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Home > Civil War Sesquicentennial > Jacob Clark Transcript

Jacob Clark Transcript

Gray

July 26th, 1865

Hon. J.L. Hodsdon

Dear Sir,

I received instructions from you, dated June 5th/1865 in relation to discontinuing ‘State aid’. I always endeavor to look to this matter as carefully as I can, with a view to do justice to Claimants and also to the State.  We have three Soldiers now at home on furlough and have been for several months. First George Dolley of the 8th Maine arrived here last winter at which time he was very low with Chronic Diarrhea. He was not expected to live for months, but has finally recovered, and able to walk and attend to business. He has no family but a wife, and is in comfortable circumstances. After he so far recovered as to attend to business and labor, and before I received your notice I withheld the aid from him. Daniel Nash, also a member of the 30th Regt who is nearly sixty years old was not liable to draft, but enlisted for, as I have no doubt, big bounties, has been home several months attending to his own private matters, and as he is in independent circumstances I have withheld aid from his wife. Nicholas L. Foster of the 29th Maine is also at home, he has been paroled arrived at Portland and was then confined some weeks with fever and was very low indeed. He has now so far recovered as to be able to work. He served in the Maine 10th prior to his enlistment in the 29th is a very poor man, has a large family and really needy and destitute. I have not given him the aid for this month, shall I do so? Dolley tells me he can get discharged but don’t want to, and it is probably the same with Nash. They like the $16 or $18 per month too well to be in haste about getting discharged. Shall I pay these men State aid until discharged or not.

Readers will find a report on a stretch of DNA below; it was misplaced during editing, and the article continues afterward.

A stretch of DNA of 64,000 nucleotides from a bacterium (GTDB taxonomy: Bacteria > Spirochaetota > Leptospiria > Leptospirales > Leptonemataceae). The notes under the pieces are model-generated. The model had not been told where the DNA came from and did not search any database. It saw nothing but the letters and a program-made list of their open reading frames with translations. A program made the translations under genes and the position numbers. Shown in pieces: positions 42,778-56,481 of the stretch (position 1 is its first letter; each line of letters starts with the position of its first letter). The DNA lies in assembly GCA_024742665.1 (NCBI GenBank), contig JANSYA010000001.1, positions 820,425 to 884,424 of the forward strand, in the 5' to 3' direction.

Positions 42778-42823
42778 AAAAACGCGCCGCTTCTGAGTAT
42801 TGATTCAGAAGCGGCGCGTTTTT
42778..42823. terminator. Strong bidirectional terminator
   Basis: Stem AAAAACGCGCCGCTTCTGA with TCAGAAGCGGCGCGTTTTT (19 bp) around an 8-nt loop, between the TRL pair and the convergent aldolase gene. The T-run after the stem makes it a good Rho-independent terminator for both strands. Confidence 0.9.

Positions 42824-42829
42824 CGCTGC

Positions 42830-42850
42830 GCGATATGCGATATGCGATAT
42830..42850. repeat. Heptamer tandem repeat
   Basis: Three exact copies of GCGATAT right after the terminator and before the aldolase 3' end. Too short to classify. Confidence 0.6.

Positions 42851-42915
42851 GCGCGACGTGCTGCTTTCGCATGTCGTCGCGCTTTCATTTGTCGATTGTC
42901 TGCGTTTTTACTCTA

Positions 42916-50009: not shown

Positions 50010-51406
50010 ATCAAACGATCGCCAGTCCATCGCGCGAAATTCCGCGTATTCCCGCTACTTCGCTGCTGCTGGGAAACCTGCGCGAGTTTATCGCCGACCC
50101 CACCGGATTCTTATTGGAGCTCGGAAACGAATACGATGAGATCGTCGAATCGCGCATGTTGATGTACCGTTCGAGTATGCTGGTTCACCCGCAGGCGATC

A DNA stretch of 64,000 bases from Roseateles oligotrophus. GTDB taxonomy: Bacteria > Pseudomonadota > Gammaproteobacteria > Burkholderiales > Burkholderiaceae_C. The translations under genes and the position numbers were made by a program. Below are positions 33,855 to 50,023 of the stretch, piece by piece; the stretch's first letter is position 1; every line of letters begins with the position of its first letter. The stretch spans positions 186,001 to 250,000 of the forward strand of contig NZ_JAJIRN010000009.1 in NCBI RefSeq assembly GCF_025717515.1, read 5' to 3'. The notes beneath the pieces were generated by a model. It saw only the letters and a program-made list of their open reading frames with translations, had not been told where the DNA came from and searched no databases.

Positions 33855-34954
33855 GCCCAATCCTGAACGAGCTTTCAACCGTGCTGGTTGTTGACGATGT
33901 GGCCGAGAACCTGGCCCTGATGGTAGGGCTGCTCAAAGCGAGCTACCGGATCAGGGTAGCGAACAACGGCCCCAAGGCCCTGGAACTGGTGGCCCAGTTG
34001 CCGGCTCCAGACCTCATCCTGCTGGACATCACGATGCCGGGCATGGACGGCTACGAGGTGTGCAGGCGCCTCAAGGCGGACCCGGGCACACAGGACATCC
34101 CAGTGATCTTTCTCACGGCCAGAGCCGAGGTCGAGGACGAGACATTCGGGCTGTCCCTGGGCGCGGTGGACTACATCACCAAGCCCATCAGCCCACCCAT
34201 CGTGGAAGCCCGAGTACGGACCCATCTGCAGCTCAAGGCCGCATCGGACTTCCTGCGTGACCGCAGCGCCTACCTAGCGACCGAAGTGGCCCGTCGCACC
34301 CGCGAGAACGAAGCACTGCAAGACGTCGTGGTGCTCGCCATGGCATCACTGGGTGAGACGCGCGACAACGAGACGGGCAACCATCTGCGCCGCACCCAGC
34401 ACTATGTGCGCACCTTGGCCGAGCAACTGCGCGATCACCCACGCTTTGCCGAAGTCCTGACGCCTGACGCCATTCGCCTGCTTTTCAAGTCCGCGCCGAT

Yours truly and in haste
Jacob Clark,  Ck, Board Selectmen